London has done a few things. First, It forced me to reset all my know-how and habits of riding a bike in traffic due to the inversion of flow (it feels like writing with my left hand). I had to desert the bike and take the ‘tube’ around the city. This wouldn’t be a big issue if I was staying here just for a day or two, which had been original plan. All I had to do was to receive the package Evren sent me from L.A. and move on. But of course, I did not take into consideration the UK Customs Agency. They can keep any package for as long as 30 days without notification. The delay in my case, had been so perfectly timed that the package was delivered to my friend’s address exactly the day after she left for a 4 day vacation. As if all of this is not enough, Monday happens to be a bank-holiday. No one does anything on bank-holidays; including post offices. All and all, I spent 12 days in London without the bike, waiting.

But I had friends.

Susan and Grant Johnson are the king and queen of the world of long distance motorcycle traveling. They spent 11 years on the road before founding, a website that’s now known to be ‘the’ ultimate resource for motorcyclists traveling all around the world. I myself had spent a great deal of time on this website before and during my journey. They are now working on a DVD series presenting their immense knowledge and experience in the field, for the purpose of helping other riders that want to do similar journeys. I helped them with the video-interview of Ted Simon in California and the graphic design of the DVD packaging. All of this happened online, without really meeting face to face, so it wouldn’t be wrong to say that I was feeling a little uneasy when riding from the airport to their house. My plan was to meet them in person and then go to another friend’s place. Little did I know that my days at the castle of H.U. were going to be full of unforgettable moments and inspiring conversations. The first night was quite brief. Susan was away for a few days so Grant and I walked to Greenwich Village and had some fish and chips as my introduction to England. The restaurant owner turned out to be a Turkish immigrant but I’m not even going to get into that… Let’s just say that we had baklava and kadayıf for desert. It was too late and there was a lot to talk about so I decided to leave next day instead.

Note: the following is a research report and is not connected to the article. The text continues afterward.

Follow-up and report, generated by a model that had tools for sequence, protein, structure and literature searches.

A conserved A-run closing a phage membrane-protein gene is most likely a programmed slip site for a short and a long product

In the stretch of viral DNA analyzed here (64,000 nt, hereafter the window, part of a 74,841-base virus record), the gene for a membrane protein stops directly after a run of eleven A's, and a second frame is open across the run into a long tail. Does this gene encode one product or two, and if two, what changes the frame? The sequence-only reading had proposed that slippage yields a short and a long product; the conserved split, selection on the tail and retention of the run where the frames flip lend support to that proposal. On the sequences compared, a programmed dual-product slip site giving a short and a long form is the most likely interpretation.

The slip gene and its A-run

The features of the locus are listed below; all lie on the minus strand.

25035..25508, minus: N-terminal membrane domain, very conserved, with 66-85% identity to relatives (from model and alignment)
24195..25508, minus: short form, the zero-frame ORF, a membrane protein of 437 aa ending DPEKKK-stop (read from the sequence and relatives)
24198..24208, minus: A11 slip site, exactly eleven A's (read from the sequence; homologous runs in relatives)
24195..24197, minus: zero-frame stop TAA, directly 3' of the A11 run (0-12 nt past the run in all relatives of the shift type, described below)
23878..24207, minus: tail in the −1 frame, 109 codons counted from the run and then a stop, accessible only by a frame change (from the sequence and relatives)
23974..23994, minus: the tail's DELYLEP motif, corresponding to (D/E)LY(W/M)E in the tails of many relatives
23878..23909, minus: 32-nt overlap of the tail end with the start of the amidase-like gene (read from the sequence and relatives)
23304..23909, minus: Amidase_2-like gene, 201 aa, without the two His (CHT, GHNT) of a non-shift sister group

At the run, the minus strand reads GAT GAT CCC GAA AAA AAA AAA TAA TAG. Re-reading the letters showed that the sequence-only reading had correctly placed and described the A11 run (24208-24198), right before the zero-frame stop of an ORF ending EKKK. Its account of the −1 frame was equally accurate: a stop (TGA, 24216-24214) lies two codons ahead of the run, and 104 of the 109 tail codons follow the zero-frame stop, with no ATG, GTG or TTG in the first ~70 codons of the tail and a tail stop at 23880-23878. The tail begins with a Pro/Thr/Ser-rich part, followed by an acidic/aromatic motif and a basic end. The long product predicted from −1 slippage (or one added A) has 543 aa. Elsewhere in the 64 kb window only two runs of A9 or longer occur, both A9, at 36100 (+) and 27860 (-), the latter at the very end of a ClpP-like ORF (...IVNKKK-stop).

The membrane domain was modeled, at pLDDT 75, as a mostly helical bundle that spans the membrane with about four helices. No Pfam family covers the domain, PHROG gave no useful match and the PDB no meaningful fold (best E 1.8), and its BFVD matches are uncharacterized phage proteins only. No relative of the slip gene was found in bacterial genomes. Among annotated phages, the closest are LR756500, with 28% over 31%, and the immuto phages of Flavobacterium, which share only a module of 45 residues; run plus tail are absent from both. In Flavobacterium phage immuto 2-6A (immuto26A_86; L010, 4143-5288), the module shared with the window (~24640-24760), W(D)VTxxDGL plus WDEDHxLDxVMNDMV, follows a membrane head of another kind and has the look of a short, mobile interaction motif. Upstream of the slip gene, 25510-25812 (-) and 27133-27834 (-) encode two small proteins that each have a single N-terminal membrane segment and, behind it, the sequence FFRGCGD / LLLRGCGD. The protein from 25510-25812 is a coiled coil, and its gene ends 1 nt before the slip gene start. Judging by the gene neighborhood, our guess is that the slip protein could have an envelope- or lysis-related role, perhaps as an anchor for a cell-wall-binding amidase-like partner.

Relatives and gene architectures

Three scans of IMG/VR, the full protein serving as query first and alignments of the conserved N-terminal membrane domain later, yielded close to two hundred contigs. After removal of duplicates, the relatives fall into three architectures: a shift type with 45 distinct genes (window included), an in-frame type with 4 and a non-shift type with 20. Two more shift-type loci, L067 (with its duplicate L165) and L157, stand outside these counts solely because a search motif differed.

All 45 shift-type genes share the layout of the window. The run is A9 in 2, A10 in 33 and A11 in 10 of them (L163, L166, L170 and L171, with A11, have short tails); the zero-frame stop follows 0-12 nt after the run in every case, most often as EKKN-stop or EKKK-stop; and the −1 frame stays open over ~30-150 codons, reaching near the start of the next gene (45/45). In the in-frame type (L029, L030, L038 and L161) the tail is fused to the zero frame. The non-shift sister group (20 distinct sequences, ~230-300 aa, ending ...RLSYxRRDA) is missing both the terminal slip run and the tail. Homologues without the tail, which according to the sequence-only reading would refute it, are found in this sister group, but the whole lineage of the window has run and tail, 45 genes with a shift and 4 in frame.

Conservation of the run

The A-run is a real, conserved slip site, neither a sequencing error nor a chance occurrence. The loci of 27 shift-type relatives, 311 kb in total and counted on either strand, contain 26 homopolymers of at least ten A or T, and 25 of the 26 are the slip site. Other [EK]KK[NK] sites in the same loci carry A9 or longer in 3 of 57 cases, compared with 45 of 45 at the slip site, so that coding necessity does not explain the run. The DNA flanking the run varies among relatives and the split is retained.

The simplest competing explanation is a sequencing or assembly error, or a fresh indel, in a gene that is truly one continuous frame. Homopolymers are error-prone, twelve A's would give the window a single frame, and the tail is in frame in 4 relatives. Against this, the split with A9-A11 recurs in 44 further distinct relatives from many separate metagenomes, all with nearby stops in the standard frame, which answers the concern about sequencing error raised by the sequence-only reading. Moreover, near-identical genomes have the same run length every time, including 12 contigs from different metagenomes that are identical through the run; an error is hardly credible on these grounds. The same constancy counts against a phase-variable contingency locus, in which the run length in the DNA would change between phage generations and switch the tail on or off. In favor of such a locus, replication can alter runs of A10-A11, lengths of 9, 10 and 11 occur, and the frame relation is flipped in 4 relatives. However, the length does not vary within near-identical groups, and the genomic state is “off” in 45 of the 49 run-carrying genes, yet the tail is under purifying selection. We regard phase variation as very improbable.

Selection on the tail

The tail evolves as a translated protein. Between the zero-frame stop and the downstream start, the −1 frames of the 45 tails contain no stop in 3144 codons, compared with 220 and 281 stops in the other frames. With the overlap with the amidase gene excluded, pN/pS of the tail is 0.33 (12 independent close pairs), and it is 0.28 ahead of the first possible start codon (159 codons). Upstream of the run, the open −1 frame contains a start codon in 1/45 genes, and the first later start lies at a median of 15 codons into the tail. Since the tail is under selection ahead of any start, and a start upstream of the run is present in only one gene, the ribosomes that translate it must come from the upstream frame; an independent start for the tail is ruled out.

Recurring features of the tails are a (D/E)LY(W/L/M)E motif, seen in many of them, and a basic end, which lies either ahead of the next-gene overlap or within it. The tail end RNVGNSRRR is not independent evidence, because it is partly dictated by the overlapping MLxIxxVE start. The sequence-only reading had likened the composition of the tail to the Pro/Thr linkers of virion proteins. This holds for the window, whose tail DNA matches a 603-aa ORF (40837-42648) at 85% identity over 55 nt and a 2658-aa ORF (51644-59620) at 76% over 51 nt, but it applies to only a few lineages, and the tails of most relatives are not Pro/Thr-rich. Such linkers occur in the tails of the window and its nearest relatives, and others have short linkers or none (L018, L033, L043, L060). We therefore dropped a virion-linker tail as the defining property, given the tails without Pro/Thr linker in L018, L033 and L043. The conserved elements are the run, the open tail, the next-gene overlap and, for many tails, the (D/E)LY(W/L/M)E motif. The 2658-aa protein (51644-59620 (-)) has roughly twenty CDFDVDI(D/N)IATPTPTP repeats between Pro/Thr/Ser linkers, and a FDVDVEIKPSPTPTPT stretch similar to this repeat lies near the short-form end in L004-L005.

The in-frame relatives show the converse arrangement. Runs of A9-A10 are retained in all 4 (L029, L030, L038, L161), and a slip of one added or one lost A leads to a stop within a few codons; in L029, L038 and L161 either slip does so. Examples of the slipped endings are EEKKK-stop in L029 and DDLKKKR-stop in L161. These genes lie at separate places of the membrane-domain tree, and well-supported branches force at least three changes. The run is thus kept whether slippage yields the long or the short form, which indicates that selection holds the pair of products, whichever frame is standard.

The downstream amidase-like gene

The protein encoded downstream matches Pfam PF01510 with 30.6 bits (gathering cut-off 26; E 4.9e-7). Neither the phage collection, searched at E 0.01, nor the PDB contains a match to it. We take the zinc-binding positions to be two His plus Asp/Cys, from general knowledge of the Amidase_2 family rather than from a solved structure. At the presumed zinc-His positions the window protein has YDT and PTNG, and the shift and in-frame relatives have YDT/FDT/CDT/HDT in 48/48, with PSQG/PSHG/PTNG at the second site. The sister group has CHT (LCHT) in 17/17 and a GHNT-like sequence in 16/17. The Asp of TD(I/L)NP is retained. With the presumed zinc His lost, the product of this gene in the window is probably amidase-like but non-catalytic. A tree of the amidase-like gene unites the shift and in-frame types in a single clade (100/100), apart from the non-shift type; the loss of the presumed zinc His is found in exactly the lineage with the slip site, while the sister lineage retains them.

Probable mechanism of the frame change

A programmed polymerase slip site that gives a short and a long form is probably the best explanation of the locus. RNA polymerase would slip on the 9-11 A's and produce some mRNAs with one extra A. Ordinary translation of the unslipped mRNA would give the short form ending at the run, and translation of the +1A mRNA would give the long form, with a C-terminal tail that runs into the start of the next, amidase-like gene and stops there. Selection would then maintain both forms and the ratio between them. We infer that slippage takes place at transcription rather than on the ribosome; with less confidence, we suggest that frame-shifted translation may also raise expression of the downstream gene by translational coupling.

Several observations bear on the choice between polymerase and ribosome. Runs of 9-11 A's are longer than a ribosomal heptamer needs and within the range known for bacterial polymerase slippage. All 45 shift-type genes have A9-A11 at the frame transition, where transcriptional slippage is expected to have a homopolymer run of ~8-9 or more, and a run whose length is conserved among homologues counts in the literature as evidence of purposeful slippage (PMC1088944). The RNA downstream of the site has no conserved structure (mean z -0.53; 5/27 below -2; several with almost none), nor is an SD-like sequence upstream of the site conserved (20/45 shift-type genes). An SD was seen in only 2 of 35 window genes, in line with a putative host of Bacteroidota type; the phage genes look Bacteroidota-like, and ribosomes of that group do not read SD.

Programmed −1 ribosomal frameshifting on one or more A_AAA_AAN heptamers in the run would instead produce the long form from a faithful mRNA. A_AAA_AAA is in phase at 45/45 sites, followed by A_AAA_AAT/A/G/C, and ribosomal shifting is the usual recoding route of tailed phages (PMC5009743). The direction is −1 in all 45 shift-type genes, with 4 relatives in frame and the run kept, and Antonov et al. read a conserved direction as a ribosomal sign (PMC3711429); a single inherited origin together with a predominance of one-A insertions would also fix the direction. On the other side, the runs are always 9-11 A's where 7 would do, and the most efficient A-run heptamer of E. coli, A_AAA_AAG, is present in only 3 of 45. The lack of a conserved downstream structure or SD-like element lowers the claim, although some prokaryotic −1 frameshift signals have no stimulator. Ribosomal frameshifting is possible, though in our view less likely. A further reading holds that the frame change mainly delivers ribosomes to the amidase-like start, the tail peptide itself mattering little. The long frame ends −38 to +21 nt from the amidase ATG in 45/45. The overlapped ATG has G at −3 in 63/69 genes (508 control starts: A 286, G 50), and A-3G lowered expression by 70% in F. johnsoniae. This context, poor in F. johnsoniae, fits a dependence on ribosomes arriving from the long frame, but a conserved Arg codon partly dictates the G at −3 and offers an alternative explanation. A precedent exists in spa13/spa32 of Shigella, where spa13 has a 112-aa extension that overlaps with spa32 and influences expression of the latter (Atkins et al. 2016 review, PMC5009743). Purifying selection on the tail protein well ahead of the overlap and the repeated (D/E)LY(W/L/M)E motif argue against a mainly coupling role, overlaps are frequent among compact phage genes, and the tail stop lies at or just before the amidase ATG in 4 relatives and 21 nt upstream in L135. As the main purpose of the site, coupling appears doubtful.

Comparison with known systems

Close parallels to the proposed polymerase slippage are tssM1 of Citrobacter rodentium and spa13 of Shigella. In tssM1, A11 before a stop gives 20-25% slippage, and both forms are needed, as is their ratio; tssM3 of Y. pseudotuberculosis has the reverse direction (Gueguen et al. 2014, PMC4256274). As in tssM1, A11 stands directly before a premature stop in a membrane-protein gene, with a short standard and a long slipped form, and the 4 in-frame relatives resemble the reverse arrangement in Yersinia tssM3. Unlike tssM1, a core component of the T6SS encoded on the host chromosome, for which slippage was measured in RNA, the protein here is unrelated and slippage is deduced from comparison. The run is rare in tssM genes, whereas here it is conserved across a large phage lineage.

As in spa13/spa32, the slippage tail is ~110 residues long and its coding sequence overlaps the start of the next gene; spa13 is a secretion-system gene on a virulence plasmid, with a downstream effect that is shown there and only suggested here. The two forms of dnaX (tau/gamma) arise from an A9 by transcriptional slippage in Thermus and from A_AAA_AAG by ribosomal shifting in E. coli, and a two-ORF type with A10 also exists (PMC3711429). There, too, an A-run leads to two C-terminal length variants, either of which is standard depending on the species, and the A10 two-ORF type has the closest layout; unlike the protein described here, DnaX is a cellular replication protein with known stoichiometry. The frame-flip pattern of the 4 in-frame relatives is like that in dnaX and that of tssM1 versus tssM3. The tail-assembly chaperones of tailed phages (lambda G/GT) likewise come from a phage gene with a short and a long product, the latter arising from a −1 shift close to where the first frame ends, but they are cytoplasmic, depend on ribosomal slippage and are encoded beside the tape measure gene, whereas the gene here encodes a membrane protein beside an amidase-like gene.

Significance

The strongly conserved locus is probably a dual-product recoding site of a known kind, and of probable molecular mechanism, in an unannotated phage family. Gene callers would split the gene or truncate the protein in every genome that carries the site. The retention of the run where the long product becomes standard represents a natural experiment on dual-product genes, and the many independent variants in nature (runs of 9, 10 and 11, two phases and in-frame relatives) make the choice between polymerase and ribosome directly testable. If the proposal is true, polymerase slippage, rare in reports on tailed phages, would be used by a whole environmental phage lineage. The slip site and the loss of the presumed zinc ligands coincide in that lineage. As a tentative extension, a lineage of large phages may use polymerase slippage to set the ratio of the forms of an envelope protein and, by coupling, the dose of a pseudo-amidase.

This is where 'Horizons Unlimted' happens...

This is where everything Horizons Unlimted happens…

That night, back at home, I glimpsed some critters walking in the backyard. They looked like kittens, but weird ones. I mentioned this to Grant assuming he would know, but he didn’t. We went to bed without figuring out what they were.

Next morning, Grant advised against riding in the streets of London. Public transportation was much quicker and I could leave the bike parked there if I wanted to. We were going to see each other again anyway. He was right.

The only problem is that I need something to hold on to and define myself with. When the bike is gone, I’m no longer a rider; And when I stop moving, I’m not a traveler. I’m just someone without a home. And that’s exactly what I looked like when I knocked Skye’s door. A homeless; complete with a wool beret and a bottle of wine at hand, purchased with the desperate intention of being kind to the new ‘host’. But she did not seem to notice my state of homelessness, and was very happy to see me. We enjoyed a few glasses of wine at the patio, talking, as it had been some time since she moved from Los Angeles. In a way, Skye is also on a world-trip of her own. She has the habit of finding a new job and moving to a new city every once in a while. London is her fifth.

I stayed there for almost a week. She took me to elegant restaurants, stylish bars and feminine shopping malls. I was beginning to believe that my wool beret was actually invisible until some bodyguard at the entrance of a night club referred to it as ‘too casual’… There’s nothing like a well trained eye. He knew I didn’t belong there.

During this time, I also managed to see some art. The Saatchi Gallery and Tate Modern had been on my list for a long time. Works of Damien Hirst, Tracy Emin and Marc Quinn were not on public display at the Saatchi. Instead, a selection of about 30 middle eastern artists were being exhibited under the name “Unveiled”. With just a few exceptions, I found most of the works displayed here a bit disconnected from their claimed cultural origin. The majority seemed to be focused on fulfilling western expectations of what the middle east is about. It’s a curatorial mistake to make a selection of artists born in a specific geography and expect them to reflect it, and it’s even a bigger mistake to title this exhibition “Unveiled”. Despite the overall effect of the exhibition, the Beirut installations of Marwan Rechmaoui and Ramin Haerizadeh’s ‘Men of Allah’ series were very impressive. Although they have nothing apparent in common, it’s easy to see how these two artists are genuinely focused on a subject without bothering to use easy cultural symbols such as the veil.